There is a suggestion in the world of punk rock that trying times make the best bands. I don’t know if this is true since loads of the best punk albums were made in the 90s – a decade when no one gave a fuck about anything. But the awesome fury of Grand Collapse’s second album, Along the Dew seems very much in tune with the disenfranchisement of many people by the current political environment.
I’m new to the band, not having heard their previous album or EP (the previous album is excellent – Tony), but what immediately strikes me is their intensity both in terms of singer Calvin Sewell’s vocal and Jon Powell’s guitar which buzzes and grinds through tracks like a crazed lumberjack trying to bring down a whole forest. Not many bands come close to Propagandhi’s perfect blend of aggression, intelligence and disgusted cynicism, and no one matches it, but… Grand Collapse definitely score points in all three areas.
There’s some interesting variations throughout the album. It begins with a very lengthy, indulgent track in ‘Along The Dew’ which seems to be of a similar ilk as the likes of Ensign, with their drawn out politicised hardcore. Then comes ‘Thrissell Street’ which is much more of a short, sharp shock (an approach I feel suits the band far more).
‘Through Bloodshot and Blurry’ feels more akin to a mid-noughties melodic hardcore track and really benefits from the variation of folk punk singer Efa Supertramp’s contribution. ‘Omission’ on the other hand is straight out, no-bones-about-it thrash with thoroughly metal-influenced riffage and structures.
I would really like to take one paragraph to give massive credit to TNS Records who are putting out this album. They’ve been making a huge contribution to Manchester’s fantastic punk scene for over a decade, and this release, which is beautifully produced, will hopefully help give them the kind of wider recognition they thoroughly deserve.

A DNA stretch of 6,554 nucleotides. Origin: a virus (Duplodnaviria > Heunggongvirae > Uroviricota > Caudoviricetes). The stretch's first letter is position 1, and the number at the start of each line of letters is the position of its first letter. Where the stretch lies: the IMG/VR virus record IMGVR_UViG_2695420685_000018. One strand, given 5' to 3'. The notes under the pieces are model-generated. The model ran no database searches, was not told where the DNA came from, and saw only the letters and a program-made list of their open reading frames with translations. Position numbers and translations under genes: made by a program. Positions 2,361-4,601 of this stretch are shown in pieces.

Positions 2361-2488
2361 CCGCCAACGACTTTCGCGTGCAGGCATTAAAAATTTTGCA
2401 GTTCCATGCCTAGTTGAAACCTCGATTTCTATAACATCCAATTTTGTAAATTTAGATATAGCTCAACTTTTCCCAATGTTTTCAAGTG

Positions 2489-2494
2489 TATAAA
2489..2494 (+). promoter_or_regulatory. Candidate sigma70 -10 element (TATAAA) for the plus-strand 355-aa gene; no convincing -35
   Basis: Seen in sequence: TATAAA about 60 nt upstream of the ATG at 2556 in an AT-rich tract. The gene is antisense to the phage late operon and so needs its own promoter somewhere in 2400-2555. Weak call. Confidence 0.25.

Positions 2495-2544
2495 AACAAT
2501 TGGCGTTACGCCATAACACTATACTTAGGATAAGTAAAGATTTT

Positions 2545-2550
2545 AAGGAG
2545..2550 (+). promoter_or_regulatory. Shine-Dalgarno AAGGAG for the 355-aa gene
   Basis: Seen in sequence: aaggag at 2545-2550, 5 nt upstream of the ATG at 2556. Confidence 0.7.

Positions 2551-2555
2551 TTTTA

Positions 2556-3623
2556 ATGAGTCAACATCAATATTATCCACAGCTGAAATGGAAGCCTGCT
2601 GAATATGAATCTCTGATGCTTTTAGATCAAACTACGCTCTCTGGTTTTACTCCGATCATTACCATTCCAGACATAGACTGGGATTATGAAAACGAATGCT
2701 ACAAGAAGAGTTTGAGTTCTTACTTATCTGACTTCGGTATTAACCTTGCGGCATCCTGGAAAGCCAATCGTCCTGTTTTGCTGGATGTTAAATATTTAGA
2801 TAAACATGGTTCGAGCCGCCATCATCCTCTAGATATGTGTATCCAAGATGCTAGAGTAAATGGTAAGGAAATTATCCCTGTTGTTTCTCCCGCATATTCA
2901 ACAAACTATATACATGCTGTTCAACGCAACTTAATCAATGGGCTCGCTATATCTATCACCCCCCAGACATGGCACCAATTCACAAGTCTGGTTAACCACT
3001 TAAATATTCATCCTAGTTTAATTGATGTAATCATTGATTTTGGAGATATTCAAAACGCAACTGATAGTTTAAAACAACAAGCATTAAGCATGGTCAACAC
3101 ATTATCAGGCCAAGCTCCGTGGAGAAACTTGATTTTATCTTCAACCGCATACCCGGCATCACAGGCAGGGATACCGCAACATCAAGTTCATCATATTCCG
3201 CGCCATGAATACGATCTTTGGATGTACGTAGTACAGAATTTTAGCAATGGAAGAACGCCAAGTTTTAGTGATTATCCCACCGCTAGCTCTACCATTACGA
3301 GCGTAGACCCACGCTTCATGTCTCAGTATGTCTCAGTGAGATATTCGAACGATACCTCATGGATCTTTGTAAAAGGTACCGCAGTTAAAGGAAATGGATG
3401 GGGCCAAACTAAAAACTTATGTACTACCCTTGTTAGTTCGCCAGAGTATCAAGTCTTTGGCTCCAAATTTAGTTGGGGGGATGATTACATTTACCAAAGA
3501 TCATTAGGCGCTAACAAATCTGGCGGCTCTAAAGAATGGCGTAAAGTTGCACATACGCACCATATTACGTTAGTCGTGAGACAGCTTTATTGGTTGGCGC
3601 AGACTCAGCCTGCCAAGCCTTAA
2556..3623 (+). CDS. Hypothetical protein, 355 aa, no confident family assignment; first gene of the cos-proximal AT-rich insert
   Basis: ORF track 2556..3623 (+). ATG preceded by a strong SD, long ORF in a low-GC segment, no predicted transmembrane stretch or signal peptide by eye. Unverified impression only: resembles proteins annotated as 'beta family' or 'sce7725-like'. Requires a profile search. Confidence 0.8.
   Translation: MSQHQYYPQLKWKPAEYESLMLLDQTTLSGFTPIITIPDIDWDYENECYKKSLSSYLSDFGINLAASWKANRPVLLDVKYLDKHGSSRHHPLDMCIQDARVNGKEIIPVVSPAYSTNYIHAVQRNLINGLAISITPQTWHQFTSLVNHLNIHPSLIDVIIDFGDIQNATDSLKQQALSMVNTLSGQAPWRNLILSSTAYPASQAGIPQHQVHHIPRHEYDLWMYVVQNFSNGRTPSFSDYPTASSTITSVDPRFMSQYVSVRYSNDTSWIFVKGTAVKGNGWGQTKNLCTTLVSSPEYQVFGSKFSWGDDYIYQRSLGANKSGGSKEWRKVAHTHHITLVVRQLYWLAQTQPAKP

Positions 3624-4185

There really is a lot to like here. Everything feels very sincere, some of the riffs really shred, there’s enough variation to keep the tracks interesting, and there’s clearly plenty of talent behind the instruments.
I do have a few irks – I definitely feel like the best tracks go on for too long. If you’re going to get close to the four minute mark in a punk track you need to have a good reason for it, and I feel like all three of the tracks that do this could benefited from a bit of fat-trimming. I also feel like maybe the vocals could have been mixed up a bit more – Sewell has a very strong voice, but the approach and style is similar in every song.
I really only point these issues out because in so many other respects this record is very, very strong, and along with the excellent Clowns, they feel like part of a new generation of hardcore that should be getting people very excited.
More Than A Phelan rating – 7/10 (Tony of Nurgle rating 8.5/10 by the way – kinda like Propagandhi meets Tragedy. Fair ace, like).
Listen on the Bandcamp player below
You can buy this direct from TNS Records on weird reddy brown vinyl.